Do you know of anyone who has a struggle with reading? Have you ever wondered why? Or have you simply assumed it was due to laziness or a lack of motivation? Well, I can 100% guarantee you it is NEVER due to laziness or a lack of motivation. That would be like believing that a one year old who is not yet walking must be lazy or not motivated because other kids are walking as early as 9 months. Yet we seem to accept the process with the little one learning to walk independently.
Warning: This post may be controversial for some, but I believe it is also necessary!
Once a parent, always a parent. However, as we work through this parenting role with our children, we have to keep redefining it.
I got together with a friend of mine this past week whose daughter had her high school graduation ceremony and supper a week prior. I was asking her how everything went. Of course, we went through the usual chatter when you talk about a child graduating. It was a beautiful ceremony, great supper, yada yada.
I grew up writing a lot of exams in school, but it wasn’t until grade 12 that I had to write any government exams. As I watch my daughter prepare for her grade 6 government exams, I find myself wondering how much of the information she will retain. How much will legitimately help to shape her future? Is the jamming in of all of this information actually of any benefit to her?
I recently learned that it is only since the early 1900’s that grades are used in schools. Before the early 1900’s, standards were the norm and students were moved forward in a subject once they could demonstrate they had a solid understanding of whatever standards they were working on. Therefore, students were not rushed through the learning process. Some took a short period of time to move forward. Others took much longer.
My blog posts from last week and the week before were the first two of a 3 part series discussing incredibly inspirational individuals who have had huge struggles with reading in their younger years. Some of them still do.
This week, I am bringing attention to a few more of these inspiring individuals who are tremendously successful in life despite having had struggles with reading in their younger years. I hope you find each of them as inspiring as I do!
Last week’s blog post was the first in a 3 part series featuring incredibly inspirational individuals who are dyslexic. They each had huge struggles with reading in their younger years and some still do.
What does it mean to be dyslexic? Oxford dictionary defines dyslexia as “A general term for disorders that involve difficulty in learning to read or interpret words, letters, and other symbols, but that do not affect general intelligence.”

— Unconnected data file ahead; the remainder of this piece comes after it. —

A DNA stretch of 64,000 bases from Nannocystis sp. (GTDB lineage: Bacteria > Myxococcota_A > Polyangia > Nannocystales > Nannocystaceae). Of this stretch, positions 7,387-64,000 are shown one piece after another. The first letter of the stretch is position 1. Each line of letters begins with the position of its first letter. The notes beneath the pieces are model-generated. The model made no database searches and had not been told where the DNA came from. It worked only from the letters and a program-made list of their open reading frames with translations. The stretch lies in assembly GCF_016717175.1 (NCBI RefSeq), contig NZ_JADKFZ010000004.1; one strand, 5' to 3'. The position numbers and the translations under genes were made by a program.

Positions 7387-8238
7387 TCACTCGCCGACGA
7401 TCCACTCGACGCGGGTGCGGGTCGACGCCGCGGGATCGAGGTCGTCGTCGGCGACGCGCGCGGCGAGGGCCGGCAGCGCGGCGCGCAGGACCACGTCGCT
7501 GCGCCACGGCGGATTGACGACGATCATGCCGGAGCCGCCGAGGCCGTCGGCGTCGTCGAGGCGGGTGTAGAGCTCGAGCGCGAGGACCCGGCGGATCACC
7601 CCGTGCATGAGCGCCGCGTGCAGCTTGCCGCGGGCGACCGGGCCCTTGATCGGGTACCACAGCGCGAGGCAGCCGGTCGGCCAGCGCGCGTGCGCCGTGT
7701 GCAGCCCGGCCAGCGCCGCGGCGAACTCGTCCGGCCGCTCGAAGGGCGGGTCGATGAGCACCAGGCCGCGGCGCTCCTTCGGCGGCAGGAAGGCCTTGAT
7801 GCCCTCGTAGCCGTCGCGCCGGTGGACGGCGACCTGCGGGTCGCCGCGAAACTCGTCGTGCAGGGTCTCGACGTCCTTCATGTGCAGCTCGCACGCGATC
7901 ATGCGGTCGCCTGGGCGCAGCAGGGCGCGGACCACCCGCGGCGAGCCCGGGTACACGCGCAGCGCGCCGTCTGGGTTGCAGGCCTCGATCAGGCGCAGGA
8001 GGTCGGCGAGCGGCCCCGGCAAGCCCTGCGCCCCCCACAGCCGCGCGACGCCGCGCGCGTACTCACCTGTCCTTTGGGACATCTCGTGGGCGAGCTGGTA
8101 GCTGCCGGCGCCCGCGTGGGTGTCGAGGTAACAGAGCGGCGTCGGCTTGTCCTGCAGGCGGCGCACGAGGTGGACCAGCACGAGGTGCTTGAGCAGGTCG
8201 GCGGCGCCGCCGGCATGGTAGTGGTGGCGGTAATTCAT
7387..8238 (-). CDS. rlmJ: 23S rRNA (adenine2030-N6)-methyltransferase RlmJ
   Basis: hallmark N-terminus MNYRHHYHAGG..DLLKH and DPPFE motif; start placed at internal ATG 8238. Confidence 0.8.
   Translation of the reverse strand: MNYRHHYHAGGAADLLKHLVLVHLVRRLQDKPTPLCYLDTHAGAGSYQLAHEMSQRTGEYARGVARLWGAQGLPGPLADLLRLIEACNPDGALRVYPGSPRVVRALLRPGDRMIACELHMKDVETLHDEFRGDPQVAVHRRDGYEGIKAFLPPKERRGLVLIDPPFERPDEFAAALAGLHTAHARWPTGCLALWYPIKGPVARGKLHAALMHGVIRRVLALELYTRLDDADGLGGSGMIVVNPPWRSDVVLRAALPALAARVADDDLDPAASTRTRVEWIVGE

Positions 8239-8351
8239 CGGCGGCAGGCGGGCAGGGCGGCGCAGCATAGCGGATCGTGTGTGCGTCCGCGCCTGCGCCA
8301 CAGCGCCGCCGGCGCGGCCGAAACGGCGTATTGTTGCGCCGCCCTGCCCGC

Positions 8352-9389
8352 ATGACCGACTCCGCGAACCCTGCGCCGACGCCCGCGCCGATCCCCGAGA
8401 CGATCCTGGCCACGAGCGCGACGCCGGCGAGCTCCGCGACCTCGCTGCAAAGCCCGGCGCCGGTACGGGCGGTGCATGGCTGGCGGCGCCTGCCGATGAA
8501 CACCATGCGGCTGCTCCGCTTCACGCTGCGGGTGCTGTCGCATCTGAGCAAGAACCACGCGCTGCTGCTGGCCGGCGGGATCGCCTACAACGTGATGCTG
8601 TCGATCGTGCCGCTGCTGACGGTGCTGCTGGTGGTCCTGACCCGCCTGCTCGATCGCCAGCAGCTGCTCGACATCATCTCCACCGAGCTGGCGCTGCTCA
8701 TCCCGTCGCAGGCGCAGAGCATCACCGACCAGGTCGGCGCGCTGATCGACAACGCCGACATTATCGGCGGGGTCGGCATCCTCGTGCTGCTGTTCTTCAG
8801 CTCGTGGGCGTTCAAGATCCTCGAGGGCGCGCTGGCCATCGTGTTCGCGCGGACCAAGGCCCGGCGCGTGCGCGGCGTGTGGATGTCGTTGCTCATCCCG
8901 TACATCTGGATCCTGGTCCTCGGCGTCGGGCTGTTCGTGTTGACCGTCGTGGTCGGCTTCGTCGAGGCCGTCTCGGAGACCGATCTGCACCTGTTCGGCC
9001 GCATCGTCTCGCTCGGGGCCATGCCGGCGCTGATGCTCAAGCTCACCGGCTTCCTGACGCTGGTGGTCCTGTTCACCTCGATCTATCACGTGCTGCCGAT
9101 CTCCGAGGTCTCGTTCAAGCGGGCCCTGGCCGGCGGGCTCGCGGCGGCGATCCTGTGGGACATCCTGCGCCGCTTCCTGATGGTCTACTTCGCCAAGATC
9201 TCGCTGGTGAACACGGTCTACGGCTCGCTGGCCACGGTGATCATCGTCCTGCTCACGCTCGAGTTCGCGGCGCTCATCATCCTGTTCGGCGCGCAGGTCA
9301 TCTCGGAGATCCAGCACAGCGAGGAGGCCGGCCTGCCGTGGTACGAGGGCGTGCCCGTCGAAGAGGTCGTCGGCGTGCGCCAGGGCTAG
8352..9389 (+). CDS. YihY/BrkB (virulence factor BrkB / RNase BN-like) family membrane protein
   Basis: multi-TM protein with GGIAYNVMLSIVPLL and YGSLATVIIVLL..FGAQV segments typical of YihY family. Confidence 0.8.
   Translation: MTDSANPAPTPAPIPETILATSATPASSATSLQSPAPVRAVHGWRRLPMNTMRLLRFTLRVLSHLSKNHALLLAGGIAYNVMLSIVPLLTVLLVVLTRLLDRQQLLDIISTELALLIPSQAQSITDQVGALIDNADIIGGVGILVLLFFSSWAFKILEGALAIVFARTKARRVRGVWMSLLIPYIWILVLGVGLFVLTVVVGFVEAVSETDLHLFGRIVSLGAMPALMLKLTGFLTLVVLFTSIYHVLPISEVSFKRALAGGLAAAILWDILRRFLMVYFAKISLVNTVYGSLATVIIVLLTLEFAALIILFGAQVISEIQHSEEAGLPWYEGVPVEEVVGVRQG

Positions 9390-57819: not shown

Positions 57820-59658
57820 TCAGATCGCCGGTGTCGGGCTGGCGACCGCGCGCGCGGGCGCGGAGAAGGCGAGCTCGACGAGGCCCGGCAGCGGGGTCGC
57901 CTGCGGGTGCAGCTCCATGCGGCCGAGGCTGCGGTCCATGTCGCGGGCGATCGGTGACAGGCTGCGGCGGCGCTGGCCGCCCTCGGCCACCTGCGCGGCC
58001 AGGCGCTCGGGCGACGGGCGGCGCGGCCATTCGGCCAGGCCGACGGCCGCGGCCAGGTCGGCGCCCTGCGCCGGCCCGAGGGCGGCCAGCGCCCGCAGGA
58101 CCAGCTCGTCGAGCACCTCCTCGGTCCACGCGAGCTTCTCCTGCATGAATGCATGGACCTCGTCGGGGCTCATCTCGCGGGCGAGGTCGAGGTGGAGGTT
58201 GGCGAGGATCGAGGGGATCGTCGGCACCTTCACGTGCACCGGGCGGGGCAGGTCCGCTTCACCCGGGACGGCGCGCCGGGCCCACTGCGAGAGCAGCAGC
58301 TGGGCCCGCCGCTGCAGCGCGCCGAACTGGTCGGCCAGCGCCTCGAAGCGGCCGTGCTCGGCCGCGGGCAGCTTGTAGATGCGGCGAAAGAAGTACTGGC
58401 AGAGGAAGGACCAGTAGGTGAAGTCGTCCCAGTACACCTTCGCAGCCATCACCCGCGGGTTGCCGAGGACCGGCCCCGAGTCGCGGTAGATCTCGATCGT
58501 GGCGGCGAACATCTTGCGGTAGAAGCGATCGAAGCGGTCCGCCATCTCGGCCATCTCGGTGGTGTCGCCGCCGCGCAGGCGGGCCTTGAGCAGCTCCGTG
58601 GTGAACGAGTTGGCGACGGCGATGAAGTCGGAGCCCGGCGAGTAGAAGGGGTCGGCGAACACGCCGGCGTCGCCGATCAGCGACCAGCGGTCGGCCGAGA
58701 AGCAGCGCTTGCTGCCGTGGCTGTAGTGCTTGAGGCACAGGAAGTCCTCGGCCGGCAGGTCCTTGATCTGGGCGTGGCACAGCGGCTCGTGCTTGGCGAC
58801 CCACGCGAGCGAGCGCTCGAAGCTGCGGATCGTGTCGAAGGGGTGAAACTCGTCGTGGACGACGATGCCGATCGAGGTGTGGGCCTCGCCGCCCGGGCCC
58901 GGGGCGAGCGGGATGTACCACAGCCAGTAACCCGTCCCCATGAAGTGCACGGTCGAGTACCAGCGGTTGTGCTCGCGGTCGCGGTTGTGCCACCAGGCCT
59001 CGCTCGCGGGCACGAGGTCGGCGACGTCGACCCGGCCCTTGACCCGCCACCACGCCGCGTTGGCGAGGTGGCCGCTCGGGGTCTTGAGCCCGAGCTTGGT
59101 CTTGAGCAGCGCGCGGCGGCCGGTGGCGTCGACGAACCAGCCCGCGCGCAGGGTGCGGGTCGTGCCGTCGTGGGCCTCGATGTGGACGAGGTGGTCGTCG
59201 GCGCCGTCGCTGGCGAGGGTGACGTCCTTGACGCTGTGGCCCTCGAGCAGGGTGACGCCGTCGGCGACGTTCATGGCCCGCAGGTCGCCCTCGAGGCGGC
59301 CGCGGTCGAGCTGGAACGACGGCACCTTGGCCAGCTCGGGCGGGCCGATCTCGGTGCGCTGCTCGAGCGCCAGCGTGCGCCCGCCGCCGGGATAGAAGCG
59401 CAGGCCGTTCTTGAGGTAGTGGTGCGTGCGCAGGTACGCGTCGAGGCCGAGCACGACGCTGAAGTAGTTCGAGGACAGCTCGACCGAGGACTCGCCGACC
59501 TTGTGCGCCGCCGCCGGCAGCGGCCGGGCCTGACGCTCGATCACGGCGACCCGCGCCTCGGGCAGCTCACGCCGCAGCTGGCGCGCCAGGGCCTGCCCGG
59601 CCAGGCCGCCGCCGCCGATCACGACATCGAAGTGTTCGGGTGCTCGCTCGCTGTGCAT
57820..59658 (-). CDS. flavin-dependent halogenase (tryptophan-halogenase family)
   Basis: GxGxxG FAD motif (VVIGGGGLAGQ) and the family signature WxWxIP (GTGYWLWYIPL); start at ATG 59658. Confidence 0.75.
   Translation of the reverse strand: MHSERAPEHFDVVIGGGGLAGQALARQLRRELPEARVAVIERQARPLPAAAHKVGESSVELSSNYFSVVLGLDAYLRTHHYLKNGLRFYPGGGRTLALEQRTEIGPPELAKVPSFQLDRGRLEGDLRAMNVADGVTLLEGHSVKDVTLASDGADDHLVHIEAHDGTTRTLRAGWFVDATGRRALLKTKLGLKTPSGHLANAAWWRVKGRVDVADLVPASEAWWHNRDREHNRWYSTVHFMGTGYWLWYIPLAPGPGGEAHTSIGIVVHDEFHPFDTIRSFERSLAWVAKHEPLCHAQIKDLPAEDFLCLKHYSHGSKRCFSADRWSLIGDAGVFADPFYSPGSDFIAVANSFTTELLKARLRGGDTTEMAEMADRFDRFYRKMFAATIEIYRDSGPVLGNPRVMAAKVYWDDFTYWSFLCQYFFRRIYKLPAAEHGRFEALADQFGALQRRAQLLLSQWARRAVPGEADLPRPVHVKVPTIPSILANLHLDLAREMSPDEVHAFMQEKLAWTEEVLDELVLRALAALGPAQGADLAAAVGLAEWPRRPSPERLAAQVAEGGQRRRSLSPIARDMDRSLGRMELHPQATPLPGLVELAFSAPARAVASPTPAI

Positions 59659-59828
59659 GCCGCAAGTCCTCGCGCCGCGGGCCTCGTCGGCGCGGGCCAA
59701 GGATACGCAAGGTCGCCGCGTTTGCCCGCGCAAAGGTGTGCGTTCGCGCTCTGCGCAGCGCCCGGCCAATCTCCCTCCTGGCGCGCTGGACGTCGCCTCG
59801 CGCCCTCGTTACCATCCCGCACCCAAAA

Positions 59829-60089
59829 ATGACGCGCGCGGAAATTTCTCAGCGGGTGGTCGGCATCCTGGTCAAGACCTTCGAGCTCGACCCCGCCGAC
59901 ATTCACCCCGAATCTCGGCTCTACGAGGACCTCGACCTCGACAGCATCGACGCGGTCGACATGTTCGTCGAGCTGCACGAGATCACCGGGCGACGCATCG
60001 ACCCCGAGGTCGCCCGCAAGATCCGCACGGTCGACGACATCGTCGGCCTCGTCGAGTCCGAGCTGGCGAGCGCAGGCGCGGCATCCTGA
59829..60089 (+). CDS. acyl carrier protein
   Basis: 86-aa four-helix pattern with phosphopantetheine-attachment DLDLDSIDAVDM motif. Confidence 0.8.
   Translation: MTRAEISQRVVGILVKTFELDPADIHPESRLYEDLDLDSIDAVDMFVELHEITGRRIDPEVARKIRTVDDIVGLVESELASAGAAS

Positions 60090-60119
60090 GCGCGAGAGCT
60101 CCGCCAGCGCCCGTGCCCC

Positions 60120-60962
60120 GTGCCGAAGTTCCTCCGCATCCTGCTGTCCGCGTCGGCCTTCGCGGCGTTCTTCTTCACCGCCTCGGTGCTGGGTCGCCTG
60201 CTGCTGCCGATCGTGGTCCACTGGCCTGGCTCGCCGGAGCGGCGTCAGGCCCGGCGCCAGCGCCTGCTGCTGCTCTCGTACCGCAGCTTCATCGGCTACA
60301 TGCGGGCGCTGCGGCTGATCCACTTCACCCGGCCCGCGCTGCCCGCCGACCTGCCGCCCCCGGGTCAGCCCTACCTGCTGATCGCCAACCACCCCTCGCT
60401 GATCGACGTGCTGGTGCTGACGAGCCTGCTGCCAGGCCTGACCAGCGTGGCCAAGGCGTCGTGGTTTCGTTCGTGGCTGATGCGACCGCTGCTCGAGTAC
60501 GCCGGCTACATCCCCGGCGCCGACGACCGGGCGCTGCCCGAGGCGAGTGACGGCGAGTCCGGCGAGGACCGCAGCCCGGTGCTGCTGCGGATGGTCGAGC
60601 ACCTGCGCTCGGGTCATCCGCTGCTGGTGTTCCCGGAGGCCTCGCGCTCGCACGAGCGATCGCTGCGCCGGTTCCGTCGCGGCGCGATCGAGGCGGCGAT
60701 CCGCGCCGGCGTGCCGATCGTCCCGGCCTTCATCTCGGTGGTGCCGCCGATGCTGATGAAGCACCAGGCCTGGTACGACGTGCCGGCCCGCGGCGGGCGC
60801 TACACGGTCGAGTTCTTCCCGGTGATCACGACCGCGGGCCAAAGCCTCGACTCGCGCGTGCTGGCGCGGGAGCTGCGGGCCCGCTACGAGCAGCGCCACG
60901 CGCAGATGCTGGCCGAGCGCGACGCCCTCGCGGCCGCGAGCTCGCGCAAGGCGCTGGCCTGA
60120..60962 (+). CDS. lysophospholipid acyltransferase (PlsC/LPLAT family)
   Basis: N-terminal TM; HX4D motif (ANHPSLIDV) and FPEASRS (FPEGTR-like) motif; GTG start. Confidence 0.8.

Being a general term for disorders, there are many factors that can be playing a role in why an individual may be dyslexic. This is why each dyslexic individual is unique in terms of what is needed to overcome the reading barrier.
Oxford dictionary defines dyslexia as “A general term for disorders that involve difficulty in learning to read or interpret words, letters, and other symbols, but that do not affect general intelligence.”
With this stated, and knowing dyslexia does NOT affect general intelligence, there still seems to be this common belief out there that, when someone struggles with reading in school, they simply won’t go far in life. Many are even led to believe that if they just tried harder, they would easily be able to read. I do believe that everyone can learn to read. It does, however, need to be approached in the specific manner that works for the individual. I do NOT believe any individual gets behind in reading because of a lack of motivation for learning to read.
Every Parent Has Moments
Anyone who has more than 1 child recognizes that each child is unique, complete with his/her own mind, abilities and temperament. Some children are naturally easy-going, others will argue over a speck of dirt.
I recently had the pleasure of being able to chat with a couple of former students that had frequent encounters with anxiety… students that are now of the age to be able to reflect on some of those past behaviors they engaged in during those anxious moments that drove their teachers crazy!
It was interesting to hear the insight they were able to provide and reflect upon when it came to some of their past behaviors. To put it all together, I asked if they thought it appropriate that I write a letter reflecting their voice to their former teachers. I got approval before posting this.
We are in the middle of a big melt outside! Plus, to add to this, I happened to notice our neighbor’s big melt flowing directly into our yard today in streams before stopping and pooling up in the middle of our back yard. (Yeah, this may be a bigger problem than I wish to focus on at this moment!) On the bright side, my kids are loving it! They put on their rain pants, jackets and rubber boots after school today and played in the great outdoors.
As a kid, I have awesome memories of doing the same! We do see a few out playing, but the streets are fairly quiet even though the temperature is bearable. I sometimes question: Are kids in general playing outside less than just a few years ago?